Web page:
By JodyHedlund, @JodyHedlund
How much of a role does social media play in pushing a novelist toward success? Does a strong online presence equate strong sales? Do authors without blogs or twitter have less success? Or are there other factors that influence success more than social media?
If you've been reading my blog for a while, you know I believe social media is important. It's critical in a lot of ways.
One, it allows us to develop a team of writers and readers who support us and promote our books, especially around a release. They can help create a lot of buzz.
Second, social media allows us to connect with our readers in a variety of formats. When they take the time to reach out to us through facebook or twitter, we can be there to interact (just like we would at a book signing or other event).
And third, for those who are self-publishing, a strong web presence is even more important in spreading book buzz (although with the overwhelming numbers of writers now self-publishing, I'm beginning to wonder how anyone can be heard above the clamor—but that's the makings of another post on another day.)
Yes, social media is vital to the modern author on many levels. I'm not arguing that.
But, in all the social media hype over the past couple years, have we elevated its importance too high? Does social media really give a boost to an author's sales, land them on best seller lists, get them bigger publishing deals, or turn them into national celebrities?
After several years and several books, I've decided that even though my social media presence is fairly strong, it has NOT been the most significant factor in my success.
In fact, I've done an informal comparison with another author friend who started publishing about the same time I did. We're both in approximately the same spots in our careers. Same genre. Same publisher. Same high quality of editing and cover development. Same overall marketing. Same general audience.
We have a lot in common.
But our approaches to social media have been different.
This friend decided she wasn't going to have a blog or get on twitter. She maintains a website and personal facebook account. But beyond that she limits herself.
On the other hand, I do just about every social media out there. Through consistent hard work and determination, I've been able to build significant followings on most of my sites. I've made a large number of genuine, wonderful connections as a result of social media.
If social media makes a big difference, then you'd think my sales and my success would be significantly higher than that of my fellow author since I have a large web presence.
But the truth is that my friend and I are very comparable. In fact, in some aspects, she's probably doing better than me.
The conclusion I've come to is that for fiction writers, especially traditionally published, social media can create buzz, but there are other factors that play a larger role in whether an author achieves success.
Here are a few of the more significant factors:
• Getting a stellar review from a major review site like Publisher's Weekly.
• Having significant publisher marketing dollars behind the book.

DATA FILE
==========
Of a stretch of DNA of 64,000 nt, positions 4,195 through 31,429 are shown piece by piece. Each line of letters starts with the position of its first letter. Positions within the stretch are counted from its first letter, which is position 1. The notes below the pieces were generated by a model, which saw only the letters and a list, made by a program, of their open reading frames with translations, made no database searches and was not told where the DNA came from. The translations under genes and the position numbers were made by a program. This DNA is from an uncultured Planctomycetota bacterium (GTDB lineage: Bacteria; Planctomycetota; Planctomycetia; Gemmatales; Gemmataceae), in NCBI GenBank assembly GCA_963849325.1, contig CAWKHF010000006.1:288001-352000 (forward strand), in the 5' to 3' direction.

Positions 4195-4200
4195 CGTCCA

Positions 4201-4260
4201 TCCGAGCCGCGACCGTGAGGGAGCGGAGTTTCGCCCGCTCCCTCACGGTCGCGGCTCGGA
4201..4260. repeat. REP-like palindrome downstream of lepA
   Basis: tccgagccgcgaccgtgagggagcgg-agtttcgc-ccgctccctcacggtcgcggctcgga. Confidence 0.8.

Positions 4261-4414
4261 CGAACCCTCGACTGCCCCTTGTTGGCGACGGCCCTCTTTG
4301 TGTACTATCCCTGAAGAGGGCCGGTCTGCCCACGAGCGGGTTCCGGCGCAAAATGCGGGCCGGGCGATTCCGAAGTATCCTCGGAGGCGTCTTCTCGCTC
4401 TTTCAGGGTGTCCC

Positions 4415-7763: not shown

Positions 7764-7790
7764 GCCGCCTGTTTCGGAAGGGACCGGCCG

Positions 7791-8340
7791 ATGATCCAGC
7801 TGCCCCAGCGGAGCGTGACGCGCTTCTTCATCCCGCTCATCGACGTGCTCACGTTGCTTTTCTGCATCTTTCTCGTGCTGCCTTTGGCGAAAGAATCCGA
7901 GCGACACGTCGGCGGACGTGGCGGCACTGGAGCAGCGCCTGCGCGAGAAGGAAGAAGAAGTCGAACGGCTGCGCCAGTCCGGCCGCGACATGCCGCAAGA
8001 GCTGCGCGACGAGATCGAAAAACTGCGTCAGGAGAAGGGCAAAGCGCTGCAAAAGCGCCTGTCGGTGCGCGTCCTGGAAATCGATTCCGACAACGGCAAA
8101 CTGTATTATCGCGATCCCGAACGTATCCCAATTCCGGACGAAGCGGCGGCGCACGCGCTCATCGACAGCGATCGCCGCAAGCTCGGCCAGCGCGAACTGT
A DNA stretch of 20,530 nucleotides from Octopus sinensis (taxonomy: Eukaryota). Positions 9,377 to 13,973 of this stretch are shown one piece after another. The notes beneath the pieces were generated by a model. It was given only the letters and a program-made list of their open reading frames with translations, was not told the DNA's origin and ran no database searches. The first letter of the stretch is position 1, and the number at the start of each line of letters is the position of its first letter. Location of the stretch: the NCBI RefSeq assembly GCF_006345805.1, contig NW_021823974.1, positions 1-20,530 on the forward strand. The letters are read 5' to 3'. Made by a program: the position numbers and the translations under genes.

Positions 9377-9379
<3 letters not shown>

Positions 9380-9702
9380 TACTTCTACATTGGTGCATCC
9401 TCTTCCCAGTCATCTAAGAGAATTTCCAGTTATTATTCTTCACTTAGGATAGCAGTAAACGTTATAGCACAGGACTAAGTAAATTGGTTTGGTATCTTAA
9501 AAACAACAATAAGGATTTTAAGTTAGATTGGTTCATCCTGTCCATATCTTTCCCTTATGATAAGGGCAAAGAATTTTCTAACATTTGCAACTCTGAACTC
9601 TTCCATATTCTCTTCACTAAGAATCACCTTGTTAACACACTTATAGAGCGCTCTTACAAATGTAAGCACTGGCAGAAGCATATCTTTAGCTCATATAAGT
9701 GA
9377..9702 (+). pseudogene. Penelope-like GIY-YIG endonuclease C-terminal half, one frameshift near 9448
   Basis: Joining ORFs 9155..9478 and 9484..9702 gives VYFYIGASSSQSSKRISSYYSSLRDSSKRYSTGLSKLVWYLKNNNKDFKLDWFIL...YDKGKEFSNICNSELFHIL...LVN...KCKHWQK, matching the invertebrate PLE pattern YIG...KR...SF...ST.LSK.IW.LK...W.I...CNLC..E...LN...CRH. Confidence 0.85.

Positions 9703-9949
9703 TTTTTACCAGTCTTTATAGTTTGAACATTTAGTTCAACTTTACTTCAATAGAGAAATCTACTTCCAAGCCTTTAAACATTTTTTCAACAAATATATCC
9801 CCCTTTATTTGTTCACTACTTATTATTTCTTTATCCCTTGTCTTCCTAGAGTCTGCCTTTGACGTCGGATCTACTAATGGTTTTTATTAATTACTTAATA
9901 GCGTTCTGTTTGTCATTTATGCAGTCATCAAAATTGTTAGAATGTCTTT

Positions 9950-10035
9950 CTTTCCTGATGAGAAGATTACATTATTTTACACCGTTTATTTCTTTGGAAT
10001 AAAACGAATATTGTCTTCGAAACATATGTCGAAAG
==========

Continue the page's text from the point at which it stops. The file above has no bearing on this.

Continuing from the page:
• The publisher's sales department and inroads they have at various brick and mortar stores. (For example, getting into Walmart or a big box store can really boost sales.)
• Placement of books in bookstores. (For example, my publisher is able to display some books in prominent positions on the ends of aisles.)
• Getting the support of book buyers and retail distributors in displaying the book in high traffic reader areas (in catalogs, flyers, or front pages of online stores).
All of the above can help propel an author to success at a faster rate and wider scope than what an author can accomplish on her own through social media. Because really, what we do in our limited scope on twitter or blogging is merely a blip in the wide-world of publication—especially with so many other writers on social media all scrambling to be heard.
While we may not have control over many of the factors that can lead to success, we do have control over THE MOST IMPORTANT FACTOR OF ALL. And that is this: Write a compelling, knock-your-socks off story. And then keep writing the absolute best books you can, book after book.
Building a readership takes time and quality books. When we deliver amazing stories to our readers time and time again, we'll slowly expand the scope of our reach.
That's what my friend has done. She protects her writing time and focuses on writing award-winning stories with each book. And it's starting to pay off for her. She's finaling in contests and making the best seller list.
I certainly don't advocate giving up on social media. I'm still planning to utilize it to the best of my ability. Why not take advantage of every little bit of help in promoting our books?
But, we can't let the social media hype get in the way of what really matters most to a novelist—the STORY.
As fiction writers, we need to spend our best energy and time on what's going to ultimately help our careers the most: growing in skill and writing excellent books.
Do you think social media has been over-rated in its importance in the success of an author? What factors do you think help make an author successful?
Photo Credit: Flickr by thinboyfatter